Helena Chemical hearings: clearing the air or corporate smokescreen?
Although it may seem obvious to the folks who have to breathe the air and drink the water in Mesquite, Helena Chemical company – despite a history of air and groundwater violations – doesn’t understand why it must operate with an air quality permit. Helena is now holding public hearings with the Environmental Improvement Board to explain why it is appealing the NMED’s ruling that their operations require regulation. The next meeting is Wednesday.
A history of violations
In July 2008 Helena Chemical company agreed to pay $208, 331 to settle the 10 air quality permit complaints issued against their Mesquite fertilizer plant by the New Mexico Environment Department. From an NMED press release about the settlement:
“Helena must pay a considerable penalty for violating state air quality laws that any responsible business owner would find reasonable to follow,” said NMED Environmental Protection Division Director Jim Norton.“We will continue to monitor the company to ensure its operations do not endanger residents or the environment.”
Seven inspections conducted by the department’s Air Quality Bureau between March and June 2007 (only four months!) uncovered 10 violations of the Air Quality Control Act, Air Quality Control Regulations and Helena’s air permit with the department. Here’s a summary of the alleged violations:
- allowing emissions from the facility to escape outdoors
- having a malfunctioning chute that allowed emissions to escape during product loading
- failing to follow best engineering practices by keeping doors open while off-loading fertilizer into trucks; failing to keep the south haul road swept to control dust
- failing to conduct compliance tests of regulated equipment on schedule
- failing to notify the department of the installation of new equipment
- failing during two periods of time to monitor differential pressure in inches of water across the dust-collection system
- neglecting to conduct inspections of building enclosures and keep records of those inspections
- failing to use proper methods of observing emissions during various operations
- neglecting to maintain daily and annual production rates for emissions limits
Clearly, Helena has a history of air quality violations. Why does it think it no longer needs to have their air quality regulated?
He said, she said
Despite this history of environmental violations, Helena Chemical filed a notice of intent in October 2008 informing the NMED that it didn’t need an air quality permit anymore – in other words, it believes it no longer needs to be regulated. According to an October 2008 Las Cruces Sun-News article, here’s their justification for not needing the permit:
“Based on our low level of emissions, the existing air quality permit is unnecessary and creates confusion between NMED and Helena in establishing the appropriate regulatory standards and procedures for our dry fertilizer storage facility in Mesquite,” said Ed Brister, director of regulatory compliance and engineering for Helena.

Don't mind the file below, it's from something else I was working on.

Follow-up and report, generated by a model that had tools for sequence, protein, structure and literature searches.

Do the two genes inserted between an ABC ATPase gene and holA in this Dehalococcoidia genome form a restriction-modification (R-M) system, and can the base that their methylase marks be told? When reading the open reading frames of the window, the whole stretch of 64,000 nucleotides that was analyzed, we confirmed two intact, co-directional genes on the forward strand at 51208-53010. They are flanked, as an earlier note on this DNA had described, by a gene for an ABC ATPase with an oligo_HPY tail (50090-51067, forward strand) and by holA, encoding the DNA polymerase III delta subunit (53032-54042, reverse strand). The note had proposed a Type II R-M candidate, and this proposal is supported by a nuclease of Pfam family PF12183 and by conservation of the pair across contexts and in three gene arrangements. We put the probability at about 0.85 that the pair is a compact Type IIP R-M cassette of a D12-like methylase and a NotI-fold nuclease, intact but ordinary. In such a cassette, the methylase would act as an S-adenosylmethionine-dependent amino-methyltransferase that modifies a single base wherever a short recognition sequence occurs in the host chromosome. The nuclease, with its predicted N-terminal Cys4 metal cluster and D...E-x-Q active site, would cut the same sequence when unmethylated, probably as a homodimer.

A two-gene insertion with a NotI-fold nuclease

Brister’s claim is based on the findings of a study – paid for by Helena Chemical – by the Center of Toxicology and Environmental Health. State Environment Secretary Ron Curry responded with the following:
“Managers of Helena cannot decide whether they need a permit. We determine that… This baseless and audacious announcement is a waste of state resources. Helena is a flagrant violator of state and federal air quality laws and must be brought into compliance.”
An April 10 Albuquerque Journal article about Helena’s groundwater cleanup violations mentions that NMED denied Helena’s request to operate without an air quality permit. Although no explanation for the denial is provided in the article, it seems to me that Helena’s history of environmental violations makes it a strong candidate for continued regulation.
The first meeting was held last week in Santa Fe and the next meeting will be held at noon Wednesday at the Parish Hall of Our Lady of Perpetual Help, 125 Mesquite Drive, Mesquite.
Helena Chemical company has betrayed the public trust in multiple instances, beyond what I’ve outlined in this post. Hearings like this seem like the perfect opportunity for citizens committed to healthy communities to send a clear message to corporations with a significant history of violating our environmental standards (like Helena) that they require regulation. Will the public and the EIB rebuff Helena’s “audacious” requests or will it be business as usual?
If you get a chance, head down to Mesquite Wednesday and speak up for our right to live in safe and clean communities.
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